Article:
The Early Symptoms of Blood Clot
October 13 was world thrombosis day, and the movement received a lot of attention around the globe. Thrombosis is a serious medical condition that occurs when a blood clot(s) obstructs your blood vessels. When this happens, the clot can block blood flow from its source (thrombus) or break loose and move to another area in your body (embolus).
If a moving clot gets stuck in a crucial area like the lungs, heart, or brain, it can lead to serious conditions like stroke or heart attack.
Stroke, heart attack, and pulmonary embolism are medical emergencies that occur in different areas of the body but have one thing in common- a blood clot. According to the United States Centre for Disease Control (CDC), blood clots cost America up to $ 10 billion yearly, and about 100 000 people die of blood clots yearly.
With this report, it is crucial to discuss blood clots' early signs and symptoms. Blood clots can cause different symptoms depending on the kind and location, but it is essential to be cautious and aware of the symptoms.
Types of Blood Clots and their Symptoms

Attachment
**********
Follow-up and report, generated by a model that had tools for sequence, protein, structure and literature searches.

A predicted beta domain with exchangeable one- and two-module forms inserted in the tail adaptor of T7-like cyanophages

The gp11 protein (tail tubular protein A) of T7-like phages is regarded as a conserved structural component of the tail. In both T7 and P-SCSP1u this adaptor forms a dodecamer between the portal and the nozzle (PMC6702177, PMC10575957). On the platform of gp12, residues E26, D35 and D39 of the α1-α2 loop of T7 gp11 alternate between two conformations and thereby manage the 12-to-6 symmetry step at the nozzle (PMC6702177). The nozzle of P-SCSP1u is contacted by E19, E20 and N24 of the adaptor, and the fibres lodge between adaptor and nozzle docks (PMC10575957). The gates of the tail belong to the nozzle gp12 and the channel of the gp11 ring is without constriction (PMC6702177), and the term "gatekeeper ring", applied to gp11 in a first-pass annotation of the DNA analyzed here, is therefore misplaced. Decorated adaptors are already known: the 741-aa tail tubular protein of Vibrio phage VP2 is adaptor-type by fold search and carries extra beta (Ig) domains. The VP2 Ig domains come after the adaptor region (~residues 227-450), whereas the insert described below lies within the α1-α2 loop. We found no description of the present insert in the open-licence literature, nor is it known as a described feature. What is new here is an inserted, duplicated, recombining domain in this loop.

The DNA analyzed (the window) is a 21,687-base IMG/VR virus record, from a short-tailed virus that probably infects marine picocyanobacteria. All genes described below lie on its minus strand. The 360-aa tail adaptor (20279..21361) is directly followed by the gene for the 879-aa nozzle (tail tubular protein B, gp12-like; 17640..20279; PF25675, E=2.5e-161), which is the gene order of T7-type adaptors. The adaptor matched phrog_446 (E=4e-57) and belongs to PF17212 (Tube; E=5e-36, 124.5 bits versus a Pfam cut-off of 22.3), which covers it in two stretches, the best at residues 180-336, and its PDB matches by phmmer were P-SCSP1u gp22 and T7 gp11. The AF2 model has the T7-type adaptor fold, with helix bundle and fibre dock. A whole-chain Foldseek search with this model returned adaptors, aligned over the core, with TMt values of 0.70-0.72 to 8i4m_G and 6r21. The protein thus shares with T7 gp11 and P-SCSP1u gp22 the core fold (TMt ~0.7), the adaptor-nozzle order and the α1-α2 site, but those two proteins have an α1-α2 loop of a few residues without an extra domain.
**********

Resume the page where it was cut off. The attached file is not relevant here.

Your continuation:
This type of blood clot is known as an arterial embolism. When the clot comes from somewhere else in the body, it usually occurs in the legs and feet, interrupting blood flow to other body parts.
Symptoms can happen quickly or slowly, depending on the clot's size and the degree to which it obstructs blood flow. At times, this type of blood clot may come without any symptoms. But symptoms of this type of blood clot in the legs or arms are:
· Decreased or no pulse in the arm or leg
· A cold arm or leg
· Pain in the affected part
· Lack of movement in the affected part
· Numbness and tingle in the area
· Pale color of the affected area
· Weakness of an arm or leg
This type of blood clot forms in a vein and can build up over time. The most critical form of a venous clot is deep vein thrombosis (DVT); according to the CDC, it occurs when a blood clot forms in a deep vein, compared to more superficial veins that are closer to the body’s surface. DVT typically occurs in the lower leg, thigh, or pelvis; however, it can occur in the arm too.
The most severe complication of DVT occurs when a part of the clot breaks loose and moves through the bloodstream to the lungs. When in the lung, it can cause an obstruction called pulmonary embolism (PE), inhibit blood from flowing to the lungs, and lead to death. On the other hand, DVTs do not lead to stroke or heart attacks.
Symptoms of deep vein thrombosis are:
· Skin redness
Symptoms of pulmonary embolism are:
- Difficulty in breathing
- Abnormal or irregular heartbeat
- Discomfort or chest pain, which worsens with a deep breath or coughing
- Coughing up blood
- Extremely low blood pressure
- Lightheadedness or fainting.
In conclusion, if you have symptoms of a blood clot, ensure that you see a doctor immediately. Don’t assume or consider the symptoms as nothing. The condition is preventable and treatable when noticed on time.